SAVI Reports - Page 16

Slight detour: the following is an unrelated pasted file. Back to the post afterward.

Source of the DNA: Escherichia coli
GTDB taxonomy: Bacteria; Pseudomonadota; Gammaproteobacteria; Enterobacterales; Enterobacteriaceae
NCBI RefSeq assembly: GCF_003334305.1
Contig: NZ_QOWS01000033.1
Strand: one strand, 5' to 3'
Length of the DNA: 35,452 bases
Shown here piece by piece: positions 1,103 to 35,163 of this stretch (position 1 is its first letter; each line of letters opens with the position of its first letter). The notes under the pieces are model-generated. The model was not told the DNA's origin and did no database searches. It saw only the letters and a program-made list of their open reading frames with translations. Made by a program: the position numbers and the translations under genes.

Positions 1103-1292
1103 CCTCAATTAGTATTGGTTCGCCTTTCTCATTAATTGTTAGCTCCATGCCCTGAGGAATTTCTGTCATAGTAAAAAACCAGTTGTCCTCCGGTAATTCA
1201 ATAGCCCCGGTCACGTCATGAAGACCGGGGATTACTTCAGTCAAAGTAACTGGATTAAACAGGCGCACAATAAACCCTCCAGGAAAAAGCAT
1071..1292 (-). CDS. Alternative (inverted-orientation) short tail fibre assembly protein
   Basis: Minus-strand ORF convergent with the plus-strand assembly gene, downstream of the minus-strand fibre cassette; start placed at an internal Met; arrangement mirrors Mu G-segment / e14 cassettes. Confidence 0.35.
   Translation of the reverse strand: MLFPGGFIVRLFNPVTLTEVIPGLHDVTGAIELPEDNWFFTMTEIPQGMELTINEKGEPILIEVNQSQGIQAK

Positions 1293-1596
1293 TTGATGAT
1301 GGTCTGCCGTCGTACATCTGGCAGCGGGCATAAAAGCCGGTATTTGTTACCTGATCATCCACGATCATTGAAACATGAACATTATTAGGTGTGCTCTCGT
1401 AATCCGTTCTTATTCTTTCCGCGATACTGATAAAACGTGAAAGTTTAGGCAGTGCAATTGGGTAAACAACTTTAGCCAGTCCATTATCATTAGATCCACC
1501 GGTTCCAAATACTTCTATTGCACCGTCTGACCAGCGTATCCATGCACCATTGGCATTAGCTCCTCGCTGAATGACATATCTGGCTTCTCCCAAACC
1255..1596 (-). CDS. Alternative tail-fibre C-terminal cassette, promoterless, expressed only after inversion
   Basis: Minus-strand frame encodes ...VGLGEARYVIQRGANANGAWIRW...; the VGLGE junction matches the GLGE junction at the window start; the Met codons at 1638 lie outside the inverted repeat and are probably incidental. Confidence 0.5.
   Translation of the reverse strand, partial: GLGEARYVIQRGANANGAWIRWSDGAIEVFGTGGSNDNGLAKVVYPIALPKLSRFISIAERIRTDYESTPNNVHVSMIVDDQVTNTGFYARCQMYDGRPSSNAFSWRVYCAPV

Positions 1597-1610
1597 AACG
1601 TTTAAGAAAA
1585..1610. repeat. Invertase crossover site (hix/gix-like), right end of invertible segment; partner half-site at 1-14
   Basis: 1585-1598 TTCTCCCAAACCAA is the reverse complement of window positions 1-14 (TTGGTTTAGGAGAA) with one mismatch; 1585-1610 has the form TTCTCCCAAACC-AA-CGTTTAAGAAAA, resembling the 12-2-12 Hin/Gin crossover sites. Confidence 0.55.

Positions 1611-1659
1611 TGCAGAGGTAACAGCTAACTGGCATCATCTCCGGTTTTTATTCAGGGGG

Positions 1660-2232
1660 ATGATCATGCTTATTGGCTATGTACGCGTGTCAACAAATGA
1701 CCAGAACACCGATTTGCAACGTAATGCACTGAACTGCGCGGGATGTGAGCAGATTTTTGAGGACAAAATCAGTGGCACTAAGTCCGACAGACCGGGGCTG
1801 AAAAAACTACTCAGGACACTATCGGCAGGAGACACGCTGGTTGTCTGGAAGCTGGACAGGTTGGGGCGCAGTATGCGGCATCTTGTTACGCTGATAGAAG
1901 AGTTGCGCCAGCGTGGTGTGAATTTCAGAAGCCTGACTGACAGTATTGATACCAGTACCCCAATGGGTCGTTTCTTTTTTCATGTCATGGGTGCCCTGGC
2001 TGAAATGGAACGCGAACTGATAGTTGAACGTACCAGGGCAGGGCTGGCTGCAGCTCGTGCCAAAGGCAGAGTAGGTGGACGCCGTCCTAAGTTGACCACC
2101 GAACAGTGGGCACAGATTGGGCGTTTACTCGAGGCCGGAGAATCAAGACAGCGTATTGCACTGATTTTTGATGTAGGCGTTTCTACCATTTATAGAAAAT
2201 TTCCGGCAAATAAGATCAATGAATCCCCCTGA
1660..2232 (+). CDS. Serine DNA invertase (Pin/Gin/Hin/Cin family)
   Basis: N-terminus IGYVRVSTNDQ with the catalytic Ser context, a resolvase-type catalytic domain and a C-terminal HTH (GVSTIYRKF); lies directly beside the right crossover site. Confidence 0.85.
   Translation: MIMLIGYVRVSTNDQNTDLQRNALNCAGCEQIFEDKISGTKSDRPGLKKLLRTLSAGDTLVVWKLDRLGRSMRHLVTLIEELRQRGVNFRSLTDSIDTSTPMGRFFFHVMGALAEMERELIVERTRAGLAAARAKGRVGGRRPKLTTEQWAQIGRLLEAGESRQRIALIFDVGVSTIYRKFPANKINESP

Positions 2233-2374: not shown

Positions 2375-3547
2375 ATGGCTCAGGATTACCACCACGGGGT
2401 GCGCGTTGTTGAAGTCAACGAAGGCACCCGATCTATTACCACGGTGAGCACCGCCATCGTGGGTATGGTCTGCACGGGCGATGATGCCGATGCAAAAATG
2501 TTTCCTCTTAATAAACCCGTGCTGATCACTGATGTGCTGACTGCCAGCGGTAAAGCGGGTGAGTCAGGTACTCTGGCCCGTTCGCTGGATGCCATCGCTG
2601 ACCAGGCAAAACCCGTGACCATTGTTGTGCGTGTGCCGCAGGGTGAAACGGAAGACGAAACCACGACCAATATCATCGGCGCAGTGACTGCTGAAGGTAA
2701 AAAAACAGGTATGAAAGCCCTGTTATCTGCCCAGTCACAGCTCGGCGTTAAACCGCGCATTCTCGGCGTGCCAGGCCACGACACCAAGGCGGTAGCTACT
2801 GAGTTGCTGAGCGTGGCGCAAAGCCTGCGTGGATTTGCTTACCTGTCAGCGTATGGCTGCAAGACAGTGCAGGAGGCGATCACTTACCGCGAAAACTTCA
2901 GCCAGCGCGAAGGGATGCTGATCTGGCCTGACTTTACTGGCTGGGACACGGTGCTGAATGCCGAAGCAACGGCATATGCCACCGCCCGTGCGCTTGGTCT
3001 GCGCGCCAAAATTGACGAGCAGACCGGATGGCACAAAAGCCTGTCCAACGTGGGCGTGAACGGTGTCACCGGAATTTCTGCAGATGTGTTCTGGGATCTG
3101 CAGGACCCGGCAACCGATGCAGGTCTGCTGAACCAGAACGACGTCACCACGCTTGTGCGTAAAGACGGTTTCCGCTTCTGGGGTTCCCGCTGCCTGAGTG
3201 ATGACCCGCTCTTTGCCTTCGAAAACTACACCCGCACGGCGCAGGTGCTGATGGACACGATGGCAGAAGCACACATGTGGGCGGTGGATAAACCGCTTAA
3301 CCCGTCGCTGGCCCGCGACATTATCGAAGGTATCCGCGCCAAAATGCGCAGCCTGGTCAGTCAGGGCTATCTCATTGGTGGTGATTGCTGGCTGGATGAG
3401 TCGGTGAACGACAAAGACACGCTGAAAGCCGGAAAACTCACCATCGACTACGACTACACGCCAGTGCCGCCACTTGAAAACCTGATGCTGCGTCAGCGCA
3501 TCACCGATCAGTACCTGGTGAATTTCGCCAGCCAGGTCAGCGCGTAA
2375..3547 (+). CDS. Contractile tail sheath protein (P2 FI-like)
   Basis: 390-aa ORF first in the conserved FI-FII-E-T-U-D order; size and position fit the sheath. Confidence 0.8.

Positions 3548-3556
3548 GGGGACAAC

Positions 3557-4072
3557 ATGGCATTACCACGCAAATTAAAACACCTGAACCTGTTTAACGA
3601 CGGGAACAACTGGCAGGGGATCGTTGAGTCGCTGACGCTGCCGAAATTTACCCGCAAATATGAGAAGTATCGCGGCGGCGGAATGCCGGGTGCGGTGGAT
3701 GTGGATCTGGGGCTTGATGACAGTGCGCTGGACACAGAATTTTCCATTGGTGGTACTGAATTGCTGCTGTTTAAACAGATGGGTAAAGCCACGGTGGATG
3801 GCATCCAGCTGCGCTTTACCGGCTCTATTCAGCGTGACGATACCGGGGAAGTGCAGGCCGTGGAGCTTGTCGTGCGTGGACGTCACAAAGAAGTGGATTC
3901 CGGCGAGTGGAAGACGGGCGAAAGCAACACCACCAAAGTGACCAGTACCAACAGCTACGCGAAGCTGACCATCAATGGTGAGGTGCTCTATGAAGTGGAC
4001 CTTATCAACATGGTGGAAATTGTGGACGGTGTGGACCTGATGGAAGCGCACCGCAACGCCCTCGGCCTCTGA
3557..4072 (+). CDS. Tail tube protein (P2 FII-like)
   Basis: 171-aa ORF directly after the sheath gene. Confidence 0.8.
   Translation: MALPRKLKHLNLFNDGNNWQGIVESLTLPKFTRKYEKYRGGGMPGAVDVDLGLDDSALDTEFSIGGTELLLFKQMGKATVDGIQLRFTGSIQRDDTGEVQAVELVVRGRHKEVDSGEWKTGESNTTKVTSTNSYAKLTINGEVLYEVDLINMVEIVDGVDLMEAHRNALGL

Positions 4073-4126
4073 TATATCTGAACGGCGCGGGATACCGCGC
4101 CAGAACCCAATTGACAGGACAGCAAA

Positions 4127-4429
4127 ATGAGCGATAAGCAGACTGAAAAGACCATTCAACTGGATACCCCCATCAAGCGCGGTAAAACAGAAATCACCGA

meaningful difference in an individual family’s ability to become self-sufficient. Exercised in concert with the market and other programs, it can help those families at the same time it leverages private reinvestment in a disadvantaged neighborhood without imperiling the livelihood of existing families. Affordability: Nuts and Bolts Indianapolis is recognized as having relatively affordable housing costs, ranking 33rd out of the 100 largest metropolitan areas. When those housing costs are considered relative to incomes, the Indianapolis metropolitan area fares even better, ranking 23rd among the 100 largest metros (Figures 5 and 6) While Indianapolis compares favorably to other regions, these regional averages miss some nuance relating to the experience of low- and moderate-income families. Indianapolis does not fare as well on measures of income inequality, ranking 64th among the 100 largest metropolitan areas. 8 Figures 5 and 6. Weighted Monthly Housing Costs and Weighted Costs* as a Percentage of Median Household Income by Metro Area Source: US Census: American Community Survey 2015, 1-year estimates *Median housing costs, weighted by tenure 8 GINI coefficients of income inequality US Census: ACS 2015, 1-year estimates 12